We are different.
My father had a small plumbing business. He named it A & B Plumbing because when people looked for a plumber in the Yellow Pages (remember them?) he thought that his advertisement would be one of the first things they would see. He was the kind of a guy who learned how to do everything with his hands—he could fix cars, make things with wood and sheetrock, work with electricity, build sidewalks and stairs with concrete and brick, install heating and cooling systems in a house or an office. We never had to hire anyone to do that kind of work for our family—he did it all, with great craft and creativity. His parents were immigrants and they were very poor, and he learned all those skills by necessity. His challenging upbringing also taught him that the world is a very tough place, that you need to look out for yourself, and that many people are not to be trusted. As I struggled to grow up, I found him to be a hard man, stingy with his money and his love, and our father/son relationship was sometimes rocky. Although he recruited me at times to help him with his work, there was little chance in my young mind for there ever to be an A&B Plumbing and Son. I simply couldn’t imagine following his lead in business or frankly, in life.
As happens in many such families, my mother helped him with details like tax issues, insurance, licenses, and other matters. But my father was a terrible businessman. He was a perfectionist, he did quality work, and my mother always said he undervalued the time and effort that he devoted to his customers. At a certain point it was clear that A & B Plumbing was never going to make any significant money, and he eventually abandoned the business and found a mechanical engineer’s job in Penn Station in Manhattan.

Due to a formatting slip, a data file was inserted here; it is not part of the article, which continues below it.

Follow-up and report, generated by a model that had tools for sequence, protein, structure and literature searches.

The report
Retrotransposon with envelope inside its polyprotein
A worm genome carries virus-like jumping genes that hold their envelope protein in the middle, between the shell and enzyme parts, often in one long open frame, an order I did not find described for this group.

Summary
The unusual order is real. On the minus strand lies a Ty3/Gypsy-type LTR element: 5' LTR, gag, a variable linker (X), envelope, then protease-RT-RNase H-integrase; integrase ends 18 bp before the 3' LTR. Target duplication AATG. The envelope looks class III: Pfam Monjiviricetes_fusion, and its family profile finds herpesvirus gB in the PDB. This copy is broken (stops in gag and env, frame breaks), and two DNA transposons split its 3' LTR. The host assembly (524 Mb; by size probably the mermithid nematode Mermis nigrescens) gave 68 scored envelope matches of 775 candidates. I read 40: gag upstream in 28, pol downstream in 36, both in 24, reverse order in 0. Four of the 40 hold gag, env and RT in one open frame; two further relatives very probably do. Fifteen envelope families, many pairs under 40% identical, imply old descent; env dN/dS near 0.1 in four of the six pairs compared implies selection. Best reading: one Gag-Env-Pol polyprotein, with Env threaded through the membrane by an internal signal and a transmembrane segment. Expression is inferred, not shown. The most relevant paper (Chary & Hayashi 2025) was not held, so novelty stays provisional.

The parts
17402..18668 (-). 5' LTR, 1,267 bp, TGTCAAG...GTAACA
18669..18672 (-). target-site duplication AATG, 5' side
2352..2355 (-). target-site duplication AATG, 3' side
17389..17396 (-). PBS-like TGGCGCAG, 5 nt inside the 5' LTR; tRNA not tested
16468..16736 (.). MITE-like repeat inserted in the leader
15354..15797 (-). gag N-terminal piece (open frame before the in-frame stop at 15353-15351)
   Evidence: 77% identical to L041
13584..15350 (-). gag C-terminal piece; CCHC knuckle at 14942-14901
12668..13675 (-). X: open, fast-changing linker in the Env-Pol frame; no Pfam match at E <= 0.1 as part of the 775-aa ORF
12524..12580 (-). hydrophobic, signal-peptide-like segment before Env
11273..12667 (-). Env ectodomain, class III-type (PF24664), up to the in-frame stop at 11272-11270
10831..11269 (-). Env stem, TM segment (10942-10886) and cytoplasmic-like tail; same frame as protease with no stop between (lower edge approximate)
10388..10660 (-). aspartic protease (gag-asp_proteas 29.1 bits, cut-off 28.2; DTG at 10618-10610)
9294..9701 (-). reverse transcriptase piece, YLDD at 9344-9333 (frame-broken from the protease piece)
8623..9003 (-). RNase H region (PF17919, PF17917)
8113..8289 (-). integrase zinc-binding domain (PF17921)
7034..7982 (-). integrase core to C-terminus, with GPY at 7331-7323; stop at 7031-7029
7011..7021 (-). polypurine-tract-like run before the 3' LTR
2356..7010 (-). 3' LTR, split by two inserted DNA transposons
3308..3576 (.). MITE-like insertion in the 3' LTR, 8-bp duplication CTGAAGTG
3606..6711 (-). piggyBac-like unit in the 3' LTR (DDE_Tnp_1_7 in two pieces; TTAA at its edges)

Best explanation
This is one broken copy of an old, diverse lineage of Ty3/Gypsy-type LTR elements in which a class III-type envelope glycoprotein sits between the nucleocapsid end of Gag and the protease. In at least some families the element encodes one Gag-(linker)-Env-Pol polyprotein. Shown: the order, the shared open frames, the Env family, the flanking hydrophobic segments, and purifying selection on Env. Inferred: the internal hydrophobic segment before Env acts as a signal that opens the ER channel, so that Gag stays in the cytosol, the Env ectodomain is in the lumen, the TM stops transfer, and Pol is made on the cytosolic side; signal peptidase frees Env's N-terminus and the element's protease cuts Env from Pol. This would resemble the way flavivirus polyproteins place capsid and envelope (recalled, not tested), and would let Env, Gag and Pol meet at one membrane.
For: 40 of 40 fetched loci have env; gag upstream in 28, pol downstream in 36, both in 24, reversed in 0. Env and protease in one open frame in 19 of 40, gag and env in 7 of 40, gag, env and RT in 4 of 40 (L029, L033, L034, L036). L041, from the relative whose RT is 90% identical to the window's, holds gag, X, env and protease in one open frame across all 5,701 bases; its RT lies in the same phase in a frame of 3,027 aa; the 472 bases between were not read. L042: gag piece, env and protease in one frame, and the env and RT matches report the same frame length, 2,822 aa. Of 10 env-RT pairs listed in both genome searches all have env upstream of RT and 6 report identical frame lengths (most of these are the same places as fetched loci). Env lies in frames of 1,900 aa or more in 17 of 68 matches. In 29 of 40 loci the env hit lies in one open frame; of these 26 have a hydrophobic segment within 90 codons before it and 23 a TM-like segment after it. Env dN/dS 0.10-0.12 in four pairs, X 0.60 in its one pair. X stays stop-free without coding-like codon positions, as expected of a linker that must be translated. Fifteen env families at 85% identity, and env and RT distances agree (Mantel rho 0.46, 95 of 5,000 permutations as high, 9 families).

One time, long after he had retired and died from the ravages of diabetes, I encountered one of his former customers. It was one of those unexpected connections: I was officiating at a wedding in New Jersey and one of the guests recognized my name, asking me if I was his son. She told me that my father had been extremely generous and kind to her when she had a very serious and extensive plumbing problem right after she became a widow. “He spent weeks working on my house, and in the end, I never got a bill for any of it,” she said. The only payment he accepted from her was a meal of sandwiches and soda she offered him. She never had a problem with her plumbing after that, and she never saw him again, but she was very grateful and she wanted me to know that. The encounter reminded me of other instances of my father’s quiet generosity that I had long forgotten or even suppressed, similar stories from neighbors and family members. In many ways, it contradicted the lessons he attempted to teach me when I was growing up. When I entered the Jesuits, my father told me that it was a foolish thing to do, and that I was throwing my life away for strangers. But then, what was he thinking with those acts of kindness and generosity? What was in his heart? Perhaps in his own way, it was my father’s attempt to do some good in the world, largely unseen and unnoticed except for the few he served. Maybe the business wasn’t as much of a failure as it seemed.